Pharma industry in India is growing at a rapid pace, marked by a number of mergers and acquisitions and growth in foreign expenditure. The sector is going to be a major area of focus in the coming years as Indian medicines are increasingly becoming popular in many developed and developing countries because of the cost effectiveness and easy availability.

India saw FDI inflow of US$ 341.49 million in the drugs and pharmaceuticals sector between April 2009 and February 2012. Also, the government has liberalised investments made by registered Foreign Institutional Investors (FIIs) under the Portfolio Investment Scheme (PIS) from April 10, 2012. Earlier, these spendings required approval from the government.

There are numerous ways for foreign company to enter in to an Indian market. Different types of foreign investment in India are:

Green field investment is FDI when a company establishes a subsidiary in a new country and starts its own production. It involves construction of a new plant, rather than the purchase of an existing plant or firm. According to the latest rules of Reserve bank of India (RBI), FDI, up to 100 per cent, under the automatic route, is permitted for green field investments in the Indian pharmaceutical sector.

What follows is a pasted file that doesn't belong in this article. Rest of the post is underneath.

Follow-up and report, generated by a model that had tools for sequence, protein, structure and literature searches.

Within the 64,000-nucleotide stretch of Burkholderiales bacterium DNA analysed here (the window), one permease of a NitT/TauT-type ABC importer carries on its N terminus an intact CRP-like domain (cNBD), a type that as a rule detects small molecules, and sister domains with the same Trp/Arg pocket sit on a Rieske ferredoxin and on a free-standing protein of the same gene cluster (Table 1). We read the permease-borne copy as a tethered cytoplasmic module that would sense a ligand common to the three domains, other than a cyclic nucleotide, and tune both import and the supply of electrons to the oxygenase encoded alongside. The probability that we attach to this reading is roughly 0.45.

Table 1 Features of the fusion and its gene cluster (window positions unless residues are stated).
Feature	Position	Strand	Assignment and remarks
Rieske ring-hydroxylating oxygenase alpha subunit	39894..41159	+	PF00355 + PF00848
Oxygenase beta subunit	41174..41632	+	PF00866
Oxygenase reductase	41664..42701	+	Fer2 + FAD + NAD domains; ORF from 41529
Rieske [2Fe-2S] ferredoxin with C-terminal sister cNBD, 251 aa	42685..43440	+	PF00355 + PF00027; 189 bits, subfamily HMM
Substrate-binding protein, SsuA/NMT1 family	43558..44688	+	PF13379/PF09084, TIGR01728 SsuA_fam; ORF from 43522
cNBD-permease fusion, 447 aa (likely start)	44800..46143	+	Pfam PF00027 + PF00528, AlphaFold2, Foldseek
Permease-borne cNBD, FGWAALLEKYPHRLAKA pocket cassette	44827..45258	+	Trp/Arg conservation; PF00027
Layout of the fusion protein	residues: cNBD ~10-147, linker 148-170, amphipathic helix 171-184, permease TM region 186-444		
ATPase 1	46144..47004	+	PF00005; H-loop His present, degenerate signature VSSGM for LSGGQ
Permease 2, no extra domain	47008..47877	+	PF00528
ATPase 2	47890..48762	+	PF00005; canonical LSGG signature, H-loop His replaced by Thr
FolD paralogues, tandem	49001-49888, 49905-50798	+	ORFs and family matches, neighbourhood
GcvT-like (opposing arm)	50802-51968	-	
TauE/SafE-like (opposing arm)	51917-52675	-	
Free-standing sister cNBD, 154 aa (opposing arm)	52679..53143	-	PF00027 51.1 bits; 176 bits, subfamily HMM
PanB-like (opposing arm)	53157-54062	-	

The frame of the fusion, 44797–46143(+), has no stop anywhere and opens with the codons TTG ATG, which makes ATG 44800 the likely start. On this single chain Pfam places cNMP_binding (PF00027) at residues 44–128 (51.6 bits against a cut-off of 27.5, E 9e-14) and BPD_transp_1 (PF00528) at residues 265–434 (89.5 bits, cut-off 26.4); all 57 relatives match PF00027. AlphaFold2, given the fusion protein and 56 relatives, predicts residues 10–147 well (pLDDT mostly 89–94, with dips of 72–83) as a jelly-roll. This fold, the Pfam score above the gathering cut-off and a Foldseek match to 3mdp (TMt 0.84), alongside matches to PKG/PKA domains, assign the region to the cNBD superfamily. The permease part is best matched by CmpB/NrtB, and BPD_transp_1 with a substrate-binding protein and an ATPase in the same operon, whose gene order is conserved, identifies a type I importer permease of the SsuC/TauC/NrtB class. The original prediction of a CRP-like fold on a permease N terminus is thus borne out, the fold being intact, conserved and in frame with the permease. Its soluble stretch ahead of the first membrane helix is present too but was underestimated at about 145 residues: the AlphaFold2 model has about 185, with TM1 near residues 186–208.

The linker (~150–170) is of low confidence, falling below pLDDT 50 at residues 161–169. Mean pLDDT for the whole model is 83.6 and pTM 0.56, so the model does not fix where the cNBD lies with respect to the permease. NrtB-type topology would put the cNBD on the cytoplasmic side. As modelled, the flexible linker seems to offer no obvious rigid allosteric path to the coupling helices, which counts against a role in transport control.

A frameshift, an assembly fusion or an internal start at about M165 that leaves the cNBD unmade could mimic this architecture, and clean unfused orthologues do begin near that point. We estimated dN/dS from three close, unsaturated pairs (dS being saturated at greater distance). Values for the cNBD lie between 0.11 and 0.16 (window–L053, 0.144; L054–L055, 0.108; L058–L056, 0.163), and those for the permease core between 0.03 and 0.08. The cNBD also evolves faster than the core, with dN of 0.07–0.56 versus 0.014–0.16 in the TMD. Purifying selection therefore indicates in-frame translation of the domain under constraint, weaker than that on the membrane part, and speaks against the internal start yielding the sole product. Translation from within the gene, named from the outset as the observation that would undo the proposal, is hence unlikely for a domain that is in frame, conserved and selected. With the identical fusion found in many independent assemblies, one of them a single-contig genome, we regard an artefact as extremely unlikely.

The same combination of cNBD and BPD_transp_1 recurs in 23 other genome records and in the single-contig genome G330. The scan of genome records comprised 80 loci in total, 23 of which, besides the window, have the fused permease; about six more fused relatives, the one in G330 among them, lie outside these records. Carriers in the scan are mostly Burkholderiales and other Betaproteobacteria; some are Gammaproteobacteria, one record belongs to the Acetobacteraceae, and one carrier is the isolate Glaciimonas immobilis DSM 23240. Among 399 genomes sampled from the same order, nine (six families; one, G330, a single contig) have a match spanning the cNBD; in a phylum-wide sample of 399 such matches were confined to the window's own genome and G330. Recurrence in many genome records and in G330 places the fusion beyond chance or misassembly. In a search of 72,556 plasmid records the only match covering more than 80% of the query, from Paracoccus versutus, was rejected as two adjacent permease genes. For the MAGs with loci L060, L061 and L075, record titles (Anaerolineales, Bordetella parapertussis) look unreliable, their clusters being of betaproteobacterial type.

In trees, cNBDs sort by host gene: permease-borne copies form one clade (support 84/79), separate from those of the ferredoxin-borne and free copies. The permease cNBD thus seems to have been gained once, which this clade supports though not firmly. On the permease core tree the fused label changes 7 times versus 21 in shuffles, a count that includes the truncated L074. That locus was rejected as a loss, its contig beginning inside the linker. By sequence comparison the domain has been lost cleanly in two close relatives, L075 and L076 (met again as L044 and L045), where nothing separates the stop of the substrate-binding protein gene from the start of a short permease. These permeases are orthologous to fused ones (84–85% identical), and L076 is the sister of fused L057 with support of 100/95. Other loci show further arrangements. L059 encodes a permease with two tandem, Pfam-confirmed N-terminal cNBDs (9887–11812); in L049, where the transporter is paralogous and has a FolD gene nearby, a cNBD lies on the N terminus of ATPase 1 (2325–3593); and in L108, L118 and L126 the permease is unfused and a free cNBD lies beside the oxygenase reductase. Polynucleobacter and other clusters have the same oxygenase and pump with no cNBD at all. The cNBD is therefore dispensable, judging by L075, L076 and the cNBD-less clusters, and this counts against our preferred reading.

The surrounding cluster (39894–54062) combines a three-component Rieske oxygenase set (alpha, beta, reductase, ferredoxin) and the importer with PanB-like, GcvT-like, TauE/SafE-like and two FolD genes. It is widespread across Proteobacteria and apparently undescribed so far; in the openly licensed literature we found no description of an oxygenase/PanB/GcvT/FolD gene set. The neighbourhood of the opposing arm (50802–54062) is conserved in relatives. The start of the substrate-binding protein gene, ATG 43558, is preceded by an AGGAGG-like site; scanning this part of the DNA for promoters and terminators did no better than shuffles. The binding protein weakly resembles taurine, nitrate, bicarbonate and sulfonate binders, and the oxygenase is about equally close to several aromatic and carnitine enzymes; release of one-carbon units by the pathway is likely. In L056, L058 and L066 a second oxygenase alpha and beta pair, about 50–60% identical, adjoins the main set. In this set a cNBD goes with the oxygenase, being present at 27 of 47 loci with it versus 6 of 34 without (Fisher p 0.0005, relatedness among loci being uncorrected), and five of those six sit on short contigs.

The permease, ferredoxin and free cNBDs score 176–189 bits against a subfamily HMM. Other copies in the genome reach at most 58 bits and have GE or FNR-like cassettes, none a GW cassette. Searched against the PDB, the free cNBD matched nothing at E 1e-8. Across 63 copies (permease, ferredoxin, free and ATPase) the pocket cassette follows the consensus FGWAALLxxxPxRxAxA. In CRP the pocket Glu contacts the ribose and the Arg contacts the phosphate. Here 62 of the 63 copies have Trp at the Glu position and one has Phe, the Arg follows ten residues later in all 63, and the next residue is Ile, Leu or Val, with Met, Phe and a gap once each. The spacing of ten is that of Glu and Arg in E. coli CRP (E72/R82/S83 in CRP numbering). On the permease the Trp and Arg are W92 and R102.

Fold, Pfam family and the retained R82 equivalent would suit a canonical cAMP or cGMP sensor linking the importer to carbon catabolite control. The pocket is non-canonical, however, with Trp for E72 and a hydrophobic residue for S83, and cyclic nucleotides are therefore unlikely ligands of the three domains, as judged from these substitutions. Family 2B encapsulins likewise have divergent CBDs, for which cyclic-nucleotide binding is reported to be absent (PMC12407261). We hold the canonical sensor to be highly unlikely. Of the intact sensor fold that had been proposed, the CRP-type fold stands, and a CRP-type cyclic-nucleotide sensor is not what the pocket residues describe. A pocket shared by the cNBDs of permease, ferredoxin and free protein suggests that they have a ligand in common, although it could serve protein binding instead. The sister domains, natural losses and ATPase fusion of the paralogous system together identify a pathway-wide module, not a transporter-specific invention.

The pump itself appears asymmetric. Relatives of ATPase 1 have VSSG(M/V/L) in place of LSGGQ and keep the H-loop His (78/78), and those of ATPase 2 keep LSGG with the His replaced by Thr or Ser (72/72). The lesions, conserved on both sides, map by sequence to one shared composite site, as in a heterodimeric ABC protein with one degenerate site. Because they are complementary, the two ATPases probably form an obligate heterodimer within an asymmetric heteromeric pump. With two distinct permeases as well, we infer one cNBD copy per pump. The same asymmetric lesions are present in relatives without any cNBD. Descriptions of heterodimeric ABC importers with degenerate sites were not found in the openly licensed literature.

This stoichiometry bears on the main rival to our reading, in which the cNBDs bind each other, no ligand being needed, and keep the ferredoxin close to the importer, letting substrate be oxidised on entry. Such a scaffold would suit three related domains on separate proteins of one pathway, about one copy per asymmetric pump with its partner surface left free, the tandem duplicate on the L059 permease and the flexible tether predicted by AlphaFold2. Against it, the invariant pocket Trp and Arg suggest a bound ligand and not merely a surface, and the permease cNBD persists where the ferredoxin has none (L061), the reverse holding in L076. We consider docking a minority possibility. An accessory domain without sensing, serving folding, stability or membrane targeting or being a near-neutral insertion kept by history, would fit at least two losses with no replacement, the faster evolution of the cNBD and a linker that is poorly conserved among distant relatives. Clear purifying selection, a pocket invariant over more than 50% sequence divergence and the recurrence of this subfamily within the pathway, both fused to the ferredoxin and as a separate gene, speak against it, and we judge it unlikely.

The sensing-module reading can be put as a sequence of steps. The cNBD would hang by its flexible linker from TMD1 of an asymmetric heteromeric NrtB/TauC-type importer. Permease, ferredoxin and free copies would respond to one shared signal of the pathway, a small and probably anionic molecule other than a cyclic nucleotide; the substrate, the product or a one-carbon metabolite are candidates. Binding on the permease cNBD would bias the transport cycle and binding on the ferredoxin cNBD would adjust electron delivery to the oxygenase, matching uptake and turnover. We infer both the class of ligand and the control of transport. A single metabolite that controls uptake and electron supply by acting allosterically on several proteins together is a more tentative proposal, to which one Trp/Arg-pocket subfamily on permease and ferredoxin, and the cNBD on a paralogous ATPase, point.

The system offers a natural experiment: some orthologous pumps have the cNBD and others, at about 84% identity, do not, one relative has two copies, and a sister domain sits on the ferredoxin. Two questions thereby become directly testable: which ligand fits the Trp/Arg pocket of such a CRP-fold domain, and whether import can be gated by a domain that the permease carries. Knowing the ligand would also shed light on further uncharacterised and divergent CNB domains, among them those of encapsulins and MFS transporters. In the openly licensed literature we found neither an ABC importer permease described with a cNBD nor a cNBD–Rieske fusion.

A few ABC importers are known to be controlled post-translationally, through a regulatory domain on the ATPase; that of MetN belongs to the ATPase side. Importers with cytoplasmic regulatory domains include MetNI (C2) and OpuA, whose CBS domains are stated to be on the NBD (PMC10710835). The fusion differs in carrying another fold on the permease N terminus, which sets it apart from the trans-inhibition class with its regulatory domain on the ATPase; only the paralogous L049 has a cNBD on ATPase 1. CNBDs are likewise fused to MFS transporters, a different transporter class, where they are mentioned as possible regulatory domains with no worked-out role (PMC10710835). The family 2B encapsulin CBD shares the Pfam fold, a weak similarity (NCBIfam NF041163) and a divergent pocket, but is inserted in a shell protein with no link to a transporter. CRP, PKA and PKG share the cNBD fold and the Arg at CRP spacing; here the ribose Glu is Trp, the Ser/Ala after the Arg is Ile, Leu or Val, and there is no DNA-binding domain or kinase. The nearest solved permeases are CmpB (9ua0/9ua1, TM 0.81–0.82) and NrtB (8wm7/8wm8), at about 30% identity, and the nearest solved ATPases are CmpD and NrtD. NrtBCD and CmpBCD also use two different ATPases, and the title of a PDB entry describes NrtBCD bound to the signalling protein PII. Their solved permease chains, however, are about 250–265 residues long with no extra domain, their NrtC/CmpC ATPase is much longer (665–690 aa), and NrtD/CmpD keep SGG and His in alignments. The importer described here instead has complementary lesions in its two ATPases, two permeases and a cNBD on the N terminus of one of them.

Brown field investment is FDI that involves the purchase of an existing plant or firm, rather than construction of a new plant. For e.g. many host countries encourage the formation of joint ventures, as a way to build international cooperation. Joint venture is an equity and management partnership between the foreign firm and a local entity in the host market. FDI, up to 100 per cent, under the government approval route, is permitted for brown field investments in the Indian pharmaceuticals sector. Under the new rules, the overseas investor will have to seek permission from the Foreign Investment Promotion Board (FIPB) for any merger or acquisition.

In India, the cost of setting up research and development laboratory, scientific equipments, administration costs, transportation cost, raw materials cost and licensing procedure is much less when compared to any developed countries. The main determinants of FDI in India are availability of huge natural resources, cheap labor, steady economic growth, huge benefits and concessions granted by government, increasing population and per capita income, etc. So, there are huge opportunities for foreign investment in India.